|Publication number||US5322388 A|
|Application number||US 07/870,572|
|Publication date||Jun 21, 1994|
|Filing date||Apr 17, 1992|
|Priority date||Apr 17, 1992|
|Publication number||07870572, 870572, US 5322388 A, US 5322388A, US-A-5322388, US5322388 A, US5322388A|
|Inventors||Thomas L. Wells|
|Original Assignee||Randalette, Inc.|
|Export Citation||BiBTeX, EndNote, RefMan|
|Patent Citations (7), Referenced by (7), Classifications (16), Legal Events (3)|
|External Links: USPTO, USPTO Assignment, Espacenet|
This invention is of important beneficial effect to the environment and relates primarily to apparatus for detecting the presence of hydrocarbons in underground aquifer formations and for the removal of such hydrocarbons.
The convenience of modern-day life in America, with the proliferation of personal automobiles available to almost everyone, has not been achieved without cost. Accompanying the ubiquitousness of the automobile has been the development of a huge infrastructure to attend to the specialized needs of the automobile and the motoring public. This infrastructure--which comprises a significant portion of our gross national product--has produced fuel dispensing stations at almost every significant intersection and an entire industry to find, produce, refine, transport and store the hydrocarbon products which drive the industry. Unfortunately, as the industry has continued to expand and to accord even greater convenience to the public, the number of possible point sources of pollution has increased also.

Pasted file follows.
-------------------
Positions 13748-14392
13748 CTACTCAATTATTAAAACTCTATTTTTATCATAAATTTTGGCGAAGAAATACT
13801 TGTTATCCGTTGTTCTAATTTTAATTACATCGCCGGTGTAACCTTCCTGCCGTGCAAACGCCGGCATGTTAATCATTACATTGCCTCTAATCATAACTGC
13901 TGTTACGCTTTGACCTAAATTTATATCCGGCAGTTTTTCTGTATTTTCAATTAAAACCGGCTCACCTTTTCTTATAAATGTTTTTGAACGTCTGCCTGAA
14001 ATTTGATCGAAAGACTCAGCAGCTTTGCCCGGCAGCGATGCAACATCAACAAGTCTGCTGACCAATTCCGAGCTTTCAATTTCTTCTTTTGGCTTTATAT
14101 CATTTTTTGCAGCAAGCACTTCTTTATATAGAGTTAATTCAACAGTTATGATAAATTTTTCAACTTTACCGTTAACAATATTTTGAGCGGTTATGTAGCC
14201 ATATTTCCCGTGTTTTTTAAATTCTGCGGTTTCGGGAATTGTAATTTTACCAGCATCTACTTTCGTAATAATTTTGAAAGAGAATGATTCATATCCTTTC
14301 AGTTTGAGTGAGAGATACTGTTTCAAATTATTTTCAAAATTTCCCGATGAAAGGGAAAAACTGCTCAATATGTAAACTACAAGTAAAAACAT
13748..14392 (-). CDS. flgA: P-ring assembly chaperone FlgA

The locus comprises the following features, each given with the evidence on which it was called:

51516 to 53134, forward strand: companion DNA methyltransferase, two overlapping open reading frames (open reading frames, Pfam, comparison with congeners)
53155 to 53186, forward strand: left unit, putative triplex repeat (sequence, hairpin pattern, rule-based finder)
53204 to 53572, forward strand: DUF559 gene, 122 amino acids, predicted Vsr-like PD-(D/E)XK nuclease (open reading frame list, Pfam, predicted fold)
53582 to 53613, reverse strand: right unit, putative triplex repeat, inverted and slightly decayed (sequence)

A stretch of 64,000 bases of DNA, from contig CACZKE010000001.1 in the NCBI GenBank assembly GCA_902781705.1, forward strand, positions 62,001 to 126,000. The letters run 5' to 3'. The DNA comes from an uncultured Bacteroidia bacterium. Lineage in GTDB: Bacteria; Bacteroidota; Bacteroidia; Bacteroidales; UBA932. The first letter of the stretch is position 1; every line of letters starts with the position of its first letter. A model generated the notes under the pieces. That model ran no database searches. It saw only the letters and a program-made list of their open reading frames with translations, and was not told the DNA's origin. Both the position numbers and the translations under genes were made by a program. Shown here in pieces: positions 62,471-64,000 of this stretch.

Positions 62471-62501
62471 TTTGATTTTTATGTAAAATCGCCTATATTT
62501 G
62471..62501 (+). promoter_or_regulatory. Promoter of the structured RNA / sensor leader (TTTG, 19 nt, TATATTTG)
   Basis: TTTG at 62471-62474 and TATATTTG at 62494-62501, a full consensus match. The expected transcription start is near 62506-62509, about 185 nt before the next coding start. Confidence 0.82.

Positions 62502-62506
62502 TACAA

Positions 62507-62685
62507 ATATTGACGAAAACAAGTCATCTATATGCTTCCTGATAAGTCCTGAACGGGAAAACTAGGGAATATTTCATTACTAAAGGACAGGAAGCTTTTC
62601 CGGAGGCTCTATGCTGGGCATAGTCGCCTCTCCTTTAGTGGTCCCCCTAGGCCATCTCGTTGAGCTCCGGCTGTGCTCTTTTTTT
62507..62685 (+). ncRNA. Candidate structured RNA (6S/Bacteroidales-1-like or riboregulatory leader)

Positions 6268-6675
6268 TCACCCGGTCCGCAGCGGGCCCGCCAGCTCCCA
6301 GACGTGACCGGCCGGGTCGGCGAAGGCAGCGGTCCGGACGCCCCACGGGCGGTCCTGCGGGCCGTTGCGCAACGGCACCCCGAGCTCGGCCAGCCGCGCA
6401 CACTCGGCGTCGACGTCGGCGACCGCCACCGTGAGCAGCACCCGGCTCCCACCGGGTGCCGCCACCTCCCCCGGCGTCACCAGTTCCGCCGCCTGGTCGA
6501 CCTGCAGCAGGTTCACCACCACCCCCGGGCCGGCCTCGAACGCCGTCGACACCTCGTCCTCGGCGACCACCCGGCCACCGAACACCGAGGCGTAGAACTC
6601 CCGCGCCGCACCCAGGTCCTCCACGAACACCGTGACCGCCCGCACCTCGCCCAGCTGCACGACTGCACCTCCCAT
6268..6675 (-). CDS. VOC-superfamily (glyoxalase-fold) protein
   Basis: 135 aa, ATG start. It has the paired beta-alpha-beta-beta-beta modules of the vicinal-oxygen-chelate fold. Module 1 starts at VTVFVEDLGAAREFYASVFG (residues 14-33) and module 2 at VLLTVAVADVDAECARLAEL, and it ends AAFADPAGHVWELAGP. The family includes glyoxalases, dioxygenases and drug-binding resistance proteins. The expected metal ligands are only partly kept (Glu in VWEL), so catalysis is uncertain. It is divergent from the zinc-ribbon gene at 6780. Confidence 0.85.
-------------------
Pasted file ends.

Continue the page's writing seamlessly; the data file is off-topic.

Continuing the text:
These possible point sources of pollution are as varied as the industry, varying from individual service stations with leaking underground tanks and intermittant spillages from normal operations to large fuel depots, pipelines, pumping stations, refineries and other processing plants. In many cases, the pollution was eliminated at the source years ago, but even those former sources of pollution present a continuing hazard to the environment as the spilled hydrocarbons continue to work their way down through surface layers of soil into the aquifers below. Since a very small amount of such products can contaminate a large amount of ground water--it is estimated that less than one ounce of gasoline is sufficient to render a hundred thousand gallons of water unsafe for human consumption, for example--it is apparent that a considerable need exists for an accurate, economical and rapid means of monitoring the pollution rate of underground aquifers and for retrieving the pollutants once detected.
Most of the nation's two hundred thousand plus service stations are required to have what is known as monitoring wells near their possible sources of pollution. These typically are small-diameter wells which extend from an accessible surface location down to the water formation below. Various types of instruments are then lowered into the wells to detect the presence of polluting hydrocarbons, but most of such instruments are one of two general types, either of fixed flotation design or free floating.